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Is Sicily Safe to Visit in 2024? | Safety Concerns

Is Sicily Safe to Visit in 2024? | Safety Concerns

The Italian island of Sicily is a stunning Mediterranean travel destination, recently popularized by the TV series The White Lotus. Nearly 5 million people visit the island every year.

Visitors to Sicily flock to the beautiful beaches and coastal towns such as Taormina and Cefalu.

A stop in the capital of Palermo introduces you to the island’s dynamic history, beautiful landmarks such as the Byzantine Monreale cathedral, and unique cuisine, which was influenced by cultures from all corners of the Mediterranean.

Lovers of history can explore the stunning Valley of the Temples, dating to the time when Sicily was an Ancient Greek colony. Of course, there is also Mount Etna, an active volcano.

Sicily has so much to offer visitors that you can spend weeks, even months, exploring and never get bored. However, before planning a vacation to a new place, it’s not enough to just plan your itinerary and look at pictures.

It’s also a good idea to research more practical concerns such as safety. This travel guide can help you prepare for visiting Sicily. Keep reading to learn everything you need to know about the island’s safety, such as the crime rate.

Is Sicily Safe to Visit in 2024?

A small alley in between old buildings with a parked small yellow car and a motorcycle, an image for a travel guide about safety in visiting Sicily.

Sean Pavone/Shutterstock

Yes, the island of Sicily is safe to visit! Like anywhere else in the world, especially popular tourist attractions, you should take some precautions to protect yourself from crime.

However, the most common problems that affect visitors to Sicily are petty in nature.

To gauge the safety of visiting Sicily, it’s a good idea to look up the safety of Italy first since Sicily is located in Italy after all. Most travel advisories for Italy advise normal precautions or some extra caution, but all say that the country is safe to visit.

The United States is one of the countries that advises extra caution when visiting Italy, issuing a Level Two travel advisory for the country. The main reason that it gives for advising extra caution in Italy is the risk of terrorism.

However, Sicily is not a likely target for terrorist attacks today as it is not an important political or economic location for the Italian government. There were several terrorist attacks in Sicily in the past carried out by the mafia, but the last one was decades ago.

Other countries are far more laid-back when it comes to issuing travel advice for Italy, including Sicily.

Most countries, including Ireland, just tell their citizens to exercise normal precautions while in any region of Italy. That means that traveling anywhere within the country, including Sicily, is perfectly safe. Crime is a concern when traveling in Sicily.

Common crimes include:

  • Pickpocketing
  • Bag snatching
  • Scams
  • Robbery
  • Organized crime

However, the crime rate in Sicily has been decreasing over the past few years. Sicily has a reputation as a dangerous place, but when you look at the crime statistics, this reputation is not always earned.

You do need to watch out for natural disasters when you visit Sicily. In the summer, Italian summers can get very hot, especially in regions of the south such as Sicily.

Sicily is actually the current record holder for the hottest temperature measured in continental Europe! If you are visiting during the summer, take precautions to prevent heatstroke.

With high heat comes the risk of other natural disasters, especially wildfires. The Canadian government warns tourists about the risk of wildfires in Sicily in its travel advisory for Italy.

In late July 2023, wildfires surrounded Sicily’s capital, Palermo and shut down the airport, also killing several people. If you are visiting Sicily during the summer, keep in mind that there is a risk of wildfire.

Follow the news and turn on emergency alerts. If the Italian government issues a wildfire advisory or orders an evacuation, make sure that you follow government advice.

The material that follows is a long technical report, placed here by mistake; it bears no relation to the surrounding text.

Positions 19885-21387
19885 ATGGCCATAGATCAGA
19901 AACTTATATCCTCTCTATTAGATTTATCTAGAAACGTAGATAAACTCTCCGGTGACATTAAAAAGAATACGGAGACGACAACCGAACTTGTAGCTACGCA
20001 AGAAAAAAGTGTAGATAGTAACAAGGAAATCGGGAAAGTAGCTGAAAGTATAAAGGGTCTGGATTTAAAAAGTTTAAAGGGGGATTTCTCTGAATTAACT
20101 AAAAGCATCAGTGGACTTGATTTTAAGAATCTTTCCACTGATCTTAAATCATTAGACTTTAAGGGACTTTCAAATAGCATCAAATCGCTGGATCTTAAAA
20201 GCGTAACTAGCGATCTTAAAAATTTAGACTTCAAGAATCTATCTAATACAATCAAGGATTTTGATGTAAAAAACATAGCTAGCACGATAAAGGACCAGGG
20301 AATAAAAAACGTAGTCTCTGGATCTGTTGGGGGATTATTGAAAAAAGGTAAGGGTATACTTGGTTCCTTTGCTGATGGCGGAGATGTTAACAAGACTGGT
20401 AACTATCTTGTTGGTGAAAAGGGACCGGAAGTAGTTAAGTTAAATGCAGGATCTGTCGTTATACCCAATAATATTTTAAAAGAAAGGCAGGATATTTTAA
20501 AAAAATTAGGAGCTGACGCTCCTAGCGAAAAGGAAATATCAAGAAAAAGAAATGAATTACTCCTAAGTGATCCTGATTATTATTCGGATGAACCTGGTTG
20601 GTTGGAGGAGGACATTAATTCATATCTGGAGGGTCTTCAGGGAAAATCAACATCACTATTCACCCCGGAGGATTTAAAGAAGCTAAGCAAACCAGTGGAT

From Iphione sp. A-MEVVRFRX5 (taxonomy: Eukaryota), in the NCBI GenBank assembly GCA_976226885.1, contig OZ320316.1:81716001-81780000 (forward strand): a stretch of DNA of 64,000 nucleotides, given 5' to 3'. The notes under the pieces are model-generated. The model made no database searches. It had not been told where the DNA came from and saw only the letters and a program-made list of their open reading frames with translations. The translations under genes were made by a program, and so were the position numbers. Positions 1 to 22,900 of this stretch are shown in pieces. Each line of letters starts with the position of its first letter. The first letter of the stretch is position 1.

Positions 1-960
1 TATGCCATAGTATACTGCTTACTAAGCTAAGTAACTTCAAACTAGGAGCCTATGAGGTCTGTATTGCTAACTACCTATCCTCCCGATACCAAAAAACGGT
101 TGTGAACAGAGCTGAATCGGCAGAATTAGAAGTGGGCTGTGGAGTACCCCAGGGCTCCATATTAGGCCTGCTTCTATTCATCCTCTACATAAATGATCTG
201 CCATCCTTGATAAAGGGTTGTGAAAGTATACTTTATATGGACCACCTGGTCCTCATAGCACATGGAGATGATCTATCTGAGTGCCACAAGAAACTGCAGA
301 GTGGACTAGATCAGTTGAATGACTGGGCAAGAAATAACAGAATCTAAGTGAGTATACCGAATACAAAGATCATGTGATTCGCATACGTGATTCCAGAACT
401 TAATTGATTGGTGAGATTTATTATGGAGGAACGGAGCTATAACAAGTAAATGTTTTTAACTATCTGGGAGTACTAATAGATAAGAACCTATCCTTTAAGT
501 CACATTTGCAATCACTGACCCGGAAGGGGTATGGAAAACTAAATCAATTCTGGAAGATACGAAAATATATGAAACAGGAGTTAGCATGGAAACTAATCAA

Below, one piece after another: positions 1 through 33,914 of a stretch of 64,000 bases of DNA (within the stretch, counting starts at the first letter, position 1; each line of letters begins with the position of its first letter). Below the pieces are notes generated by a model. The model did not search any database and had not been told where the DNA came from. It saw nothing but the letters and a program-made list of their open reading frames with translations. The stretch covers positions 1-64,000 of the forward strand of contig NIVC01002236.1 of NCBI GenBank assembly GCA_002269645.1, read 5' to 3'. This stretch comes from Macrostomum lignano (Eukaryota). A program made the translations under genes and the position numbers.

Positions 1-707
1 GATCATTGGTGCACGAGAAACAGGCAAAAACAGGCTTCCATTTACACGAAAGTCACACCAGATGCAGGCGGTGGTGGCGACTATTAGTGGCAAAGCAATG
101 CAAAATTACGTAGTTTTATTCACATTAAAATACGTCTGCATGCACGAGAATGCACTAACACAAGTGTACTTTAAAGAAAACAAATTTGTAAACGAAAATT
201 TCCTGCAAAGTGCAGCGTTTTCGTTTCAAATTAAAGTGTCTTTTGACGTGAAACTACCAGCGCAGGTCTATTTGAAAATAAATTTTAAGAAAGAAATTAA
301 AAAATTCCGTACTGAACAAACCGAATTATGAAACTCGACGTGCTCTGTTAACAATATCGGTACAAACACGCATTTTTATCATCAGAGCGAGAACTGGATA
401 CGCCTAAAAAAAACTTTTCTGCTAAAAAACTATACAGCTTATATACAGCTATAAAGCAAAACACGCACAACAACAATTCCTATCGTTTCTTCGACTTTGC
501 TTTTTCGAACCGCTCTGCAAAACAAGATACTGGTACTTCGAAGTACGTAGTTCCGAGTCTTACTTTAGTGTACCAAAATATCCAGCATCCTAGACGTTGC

Sicily is also home to three of Italy’s active volcanoes, Mount Etna, Mount Volcano, and Mount Stromboli. The Australian government warns that volcanic eruptions as well as seismic activity can occur in Sicily in its travel advisory for Italy.

Mount Etna is a popular tourist destination, and you can hike up the volcano, but make sure you read the news carefully to see what scientists say about the risk of an eruption (they can predict them reliably using modern technology).

When hiking up Mount Etna, follow all warning signs and do not under any circumstances get closer to the crater than advised.

Crime in Sicily

A busy street in between a series of old buildings where some people are walking and others eating in an outdoor dining of restaurants, a section image for a travel guide about safety in visiting Sicily.

Palermo, Italy – 21 Aug 2023: Crowded with toursits street Via Maqueda in downtown of Palermo/Pani Garmyder/Shutterstock

Sicily does experience crime, especially in the bigger cities of Palermo and Catania. There is a risk of property crimes, such as theft and robbery.

Palermo has the highest crime rate in Sicily. The Numbeo crime index for Palermo is 45.89 out of 100, which is a moderate value. Numbeo collects its data from survey responses, so it helps you see what the perception of crime is by people who live in a certain city.

Palermo residents are most worried about corruption, theft, drug abuse, and theft from vehicles. In other parts of Sicily, the crime rate is much lower.

Visitors and residents of smaller towns reported feeling completely safe during their travels. Some locals don’t even bother locking their doors because even theft is unheard of in Sicily’s villages.

Sicily has a reputation as an area with high crime. In general, people perceive the south of Italy as being less safe than the north. However, crime statistics don’t back up this stereotype.

According to breakdowns of crime by Italy’s provinces, Sicily doesn’t even make it into the top 15 in terms of overall crime rate. The reason why Sicily is perceived as a crime-ridden place is its association with the mafia.

The mafia is a notorious organized crime syndicate, usually based on families or clans. Battles between rival mafia groups or mafia groups and the authorities devastated Sicily for decades.

Incidents included assassinations of prominent anti-mafia prosecutors and bombings that affected civilians. Palermo was under effective military rule for years to contain the mafia.

Although the mafia still exists today, it is far weaker than it has ever been. Over the past few decades, the Italian government robustly prosecuted mafia involvement.

Today, their activities are mostly confined to petty crimes, corruption, and shady business deals, incidents that don’t affect the lives of tourists. You don’t have to worry about the mafia when you visit Sicily anymore.